Fluoride protects your family’s teeth by working against the loss of minerals in your tooth enamel. Your tooth enamel relies on mineralization to stay tough and strong. However, acids and general wear-and-tear are constantly working against your enamel. Fluoride helps strengthen these weakened areas, while also discouraging bacteria and acid that work away at your teeth around the clock. This protection can help prevent cavities and the need for more extensive treatments like dental crowns, dental bridgework, or full replacement treatments further down the road -like dentures.

Our dental office in Garden Grove, California frequently recommends supplemental fluoride to patients who are prone to cavity, or those who have weak enamel.

So what’s with all the controversy about fluoride? Is it safe?

The story of fluoride is a long, complicated, and contentious one. Legitimate science has been muddied by government conspiracy theories, questionable science, and strong opinions.

Over time, there have been many studies on the effectiveness and safety of fluoride. However, according to – much of the controversy begins with a 1990 study on lab animals, as part of the US National Toxicology Program.  That study found inconclusive evidence of fluoride’s cancer causing potential in male rats. This was based on a higher-than expected occurrence of a certain type of bone-cancer.  However, there was no evidence of the same problem in female rats – or in male or female mice.

On top of this, the National Research Council updated a 1993 report in 2006, re-iterating their conclusion that “On the basis of the committee’s collective consideration of data from humans, genotoxicity assays, and studies of mechanisms of actions in cell systems, the evidence on the potential of fluoride to initiate or promote cancers, particularly of the bone, is tentative and mixed.”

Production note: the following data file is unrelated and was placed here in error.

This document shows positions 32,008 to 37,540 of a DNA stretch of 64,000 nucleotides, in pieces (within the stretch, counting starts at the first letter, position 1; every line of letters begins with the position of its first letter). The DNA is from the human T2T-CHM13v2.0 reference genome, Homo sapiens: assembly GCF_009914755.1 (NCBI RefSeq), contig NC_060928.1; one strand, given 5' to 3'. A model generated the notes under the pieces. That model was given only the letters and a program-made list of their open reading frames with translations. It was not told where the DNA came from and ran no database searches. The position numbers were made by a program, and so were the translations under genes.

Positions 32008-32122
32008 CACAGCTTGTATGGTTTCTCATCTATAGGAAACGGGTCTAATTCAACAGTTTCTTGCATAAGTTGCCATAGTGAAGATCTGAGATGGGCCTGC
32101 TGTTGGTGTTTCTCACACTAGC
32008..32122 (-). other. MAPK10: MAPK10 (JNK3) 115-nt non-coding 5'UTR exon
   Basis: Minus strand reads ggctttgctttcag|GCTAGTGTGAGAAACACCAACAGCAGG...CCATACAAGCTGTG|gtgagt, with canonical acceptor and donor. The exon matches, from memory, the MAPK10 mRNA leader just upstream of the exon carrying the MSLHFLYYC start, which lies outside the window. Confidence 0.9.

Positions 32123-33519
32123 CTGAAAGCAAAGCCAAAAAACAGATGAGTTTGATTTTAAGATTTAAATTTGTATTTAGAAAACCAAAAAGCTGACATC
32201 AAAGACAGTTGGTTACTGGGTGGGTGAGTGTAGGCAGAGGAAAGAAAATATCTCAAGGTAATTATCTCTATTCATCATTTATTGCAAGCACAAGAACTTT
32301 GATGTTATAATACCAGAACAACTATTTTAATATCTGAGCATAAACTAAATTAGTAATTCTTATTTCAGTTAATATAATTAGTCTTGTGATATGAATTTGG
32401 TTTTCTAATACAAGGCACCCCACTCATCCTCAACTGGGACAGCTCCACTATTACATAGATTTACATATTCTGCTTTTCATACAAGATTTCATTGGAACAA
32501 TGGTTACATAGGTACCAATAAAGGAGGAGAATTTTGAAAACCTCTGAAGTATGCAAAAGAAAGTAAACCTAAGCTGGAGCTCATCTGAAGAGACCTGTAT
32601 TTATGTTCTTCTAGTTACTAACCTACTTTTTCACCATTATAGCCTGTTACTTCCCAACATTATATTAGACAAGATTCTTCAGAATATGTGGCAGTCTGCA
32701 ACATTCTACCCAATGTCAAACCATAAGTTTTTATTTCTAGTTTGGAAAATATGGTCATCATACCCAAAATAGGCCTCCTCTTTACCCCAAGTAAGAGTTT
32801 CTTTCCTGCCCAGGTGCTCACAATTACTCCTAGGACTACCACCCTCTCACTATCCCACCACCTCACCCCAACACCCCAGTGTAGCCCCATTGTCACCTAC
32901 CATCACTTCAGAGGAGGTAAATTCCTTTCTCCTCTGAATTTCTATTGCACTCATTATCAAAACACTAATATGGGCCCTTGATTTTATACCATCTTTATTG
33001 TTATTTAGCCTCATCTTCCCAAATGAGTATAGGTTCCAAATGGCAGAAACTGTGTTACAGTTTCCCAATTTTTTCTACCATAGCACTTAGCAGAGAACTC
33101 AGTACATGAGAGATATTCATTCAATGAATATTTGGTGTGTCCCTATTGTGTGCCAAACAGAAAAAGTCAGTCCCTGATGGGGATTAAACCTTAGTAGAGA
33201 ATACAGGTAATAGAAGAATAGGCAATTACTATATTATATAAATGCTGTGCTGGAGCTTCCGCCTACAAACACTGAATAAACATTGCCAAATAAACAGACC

For our patients in California, it can also be helpful to know that in 2011 – our state’s Carcinogen Identification Committee also reviewed the available evidence and concluded that fluoride has not been shown to cause cancer.

Have more questions? We have answers! Your family’s teeth are important to us. To learn more about how to prepare your teeth for the future — drop us a line!



Should You Be Brushing after Meals? Yes and No. Confused? Read on!


Everyone who’s ever been to the dentist, and plenty of people who haven’t understand that you have to brush your teeth. It’s not as much about polishing them, but more a matter of keeping them clear of the grit, debris, and bacteria that can undermine the protective enamel of your teeth and lead to problems like cavities.  As we all know, cavities (if left untreated) are the very beginning of a number of problems that are very easily avoided. While a cavity can always be fixed with a filling, putting it off for too long can lead to more serious problems, like dental abscesses (which require root canal treatment). Or, you might end up needing to repair and protect a damaged tooth with a dental crown, or even replace the tooth with a dental bridge or denture – that is, if it’s left on its own for too long.